Influence of phosphorus nutrition on seed yield and quality of pea (Pisum sativum L.) cultivars across different seasons
Due to the rapid shrinking of supply of mineral nutrients as well as observed weather fluctuations in throughout Europe in recent ten years, sustainable phosphorus fertilisation has become an important aspect of legume cultivation. There is a lack of knowledge about the effect of phosphorus (P) nutrition on the pea seed yield and quality in water poor conditions. This study was conducted to evaluate the seed yield and seed chemical composition of selected pea cultivars in response to the level of P fertilisation and weather conditions across three consecutive years. Redundancy analysis (RDA) was used to assess the proportion of variability of tested variables (seed quality traits) that could be explained by explanatory variables (year, cultivar, fertilisation). Temporary soil drought during flowering stage resulted in a significant increase in yield only after high level of phosphorus application (140 kg ha–1). This indicates that phosphorus significantly mitigated the effect of water shortage. In a dry year, pea had high concentration of fat and fibre in seeds, while in very humid year the opposite response was observed. RDA analysis proved that year effect explained over 50% variability, whereas cultivar and P fertilisation explained only 14.2% of variability. The effect of P fertilisation was only marginal (1.6%) in comparison with cultivar selection (12.6%). Interaction of pea cultivars with fertilisation shows a consistent tendency towards increase of crude protein under higher phosphorus doses for cultivars ‘Tarchalska’ and ‘Protecta’ whereas opposite tendency was observed for ‘Batuta’ and ‘Tinker’. It can be concluded that suitable cultivar selection gives a much greater opportunity to affect pea chemical composition than P fertilisation.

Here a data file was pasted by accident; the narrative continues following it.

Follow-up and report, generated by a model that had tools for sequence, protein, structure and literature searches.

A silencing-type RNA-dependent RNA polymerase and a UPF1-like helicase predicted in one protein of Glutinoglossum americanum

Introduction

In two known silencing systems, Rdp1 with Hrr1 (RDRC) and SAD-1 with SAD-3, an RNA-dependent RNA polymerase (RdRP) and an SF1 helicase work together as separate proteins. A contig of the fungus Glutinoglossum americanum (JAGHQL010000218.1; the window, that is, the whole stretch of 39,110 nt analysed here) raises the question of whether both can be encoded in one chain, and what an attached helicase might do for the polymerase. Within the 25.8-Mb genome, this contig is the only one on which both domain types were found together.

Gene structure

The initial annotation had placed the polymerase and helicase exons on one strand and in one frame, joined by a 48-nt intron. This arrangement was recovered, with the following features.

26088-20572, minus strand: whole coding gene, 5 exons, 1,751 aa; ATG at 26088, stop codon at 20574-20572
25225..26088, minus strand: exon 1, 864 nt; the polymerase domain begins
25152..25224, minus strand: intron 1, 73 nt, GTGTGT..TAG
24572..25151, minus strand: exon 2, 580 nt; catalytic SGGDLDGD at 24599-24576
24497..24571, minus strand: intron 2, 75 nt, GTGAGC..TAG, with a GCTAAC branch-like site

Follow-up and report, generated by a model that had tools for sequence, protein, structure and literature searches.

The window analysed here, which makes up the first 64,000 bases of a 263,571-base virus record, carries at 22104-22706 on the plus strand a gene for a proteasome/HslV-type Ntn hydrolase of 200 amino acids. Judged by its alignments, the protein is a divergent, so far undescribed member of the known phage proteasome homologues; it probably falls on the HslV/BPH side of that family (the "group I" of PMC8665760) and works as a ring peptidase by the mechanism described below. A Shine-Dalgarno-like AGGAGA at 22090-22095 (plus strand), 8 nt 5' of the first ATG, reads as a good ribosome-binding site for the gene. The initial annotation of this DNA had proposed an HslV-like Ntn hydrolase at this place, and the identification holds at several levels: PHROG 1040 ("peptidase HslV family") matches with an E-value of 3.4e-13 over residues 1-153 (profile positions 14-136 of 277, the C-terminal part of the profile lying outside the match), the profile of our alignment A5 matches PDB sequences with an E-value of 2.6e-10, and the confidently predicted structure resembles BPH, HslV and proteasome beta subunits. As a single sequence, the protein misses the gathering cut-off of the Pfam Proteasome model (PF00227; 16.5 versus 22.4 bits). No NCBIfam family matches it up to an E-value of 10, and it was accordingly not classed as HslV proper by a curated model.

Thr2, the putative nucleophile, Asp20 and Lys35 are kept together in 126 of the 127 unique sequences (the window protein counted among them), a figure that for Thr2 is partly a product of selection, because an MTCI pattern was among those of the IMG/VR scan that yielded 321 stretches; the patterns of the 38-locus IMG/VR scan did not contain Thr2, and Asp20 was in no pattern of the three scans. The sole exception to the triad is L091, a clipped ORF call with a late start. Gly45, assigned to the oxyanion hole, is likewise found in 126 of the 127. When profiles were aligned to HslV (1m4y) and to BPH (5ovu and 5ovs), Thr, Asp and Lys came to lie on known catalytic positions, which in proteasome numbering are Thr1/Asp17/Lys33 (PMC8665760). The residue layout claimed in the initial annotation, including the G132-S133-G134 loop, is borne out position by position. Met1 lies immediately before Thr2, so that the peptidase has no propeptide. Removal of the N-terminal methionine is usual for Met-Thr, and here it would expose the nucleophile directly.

- Abstract views: 487
- PDF: 278
- HTML: 14
Copyright (c) 2019 Agnieszka Klimek-Kopyra, Josef Hakl, Jiri Skladanka, Joanna Dłużniewska
This work is licensed under a Creative Commons Attribution-NonCommercial 4.0 International License.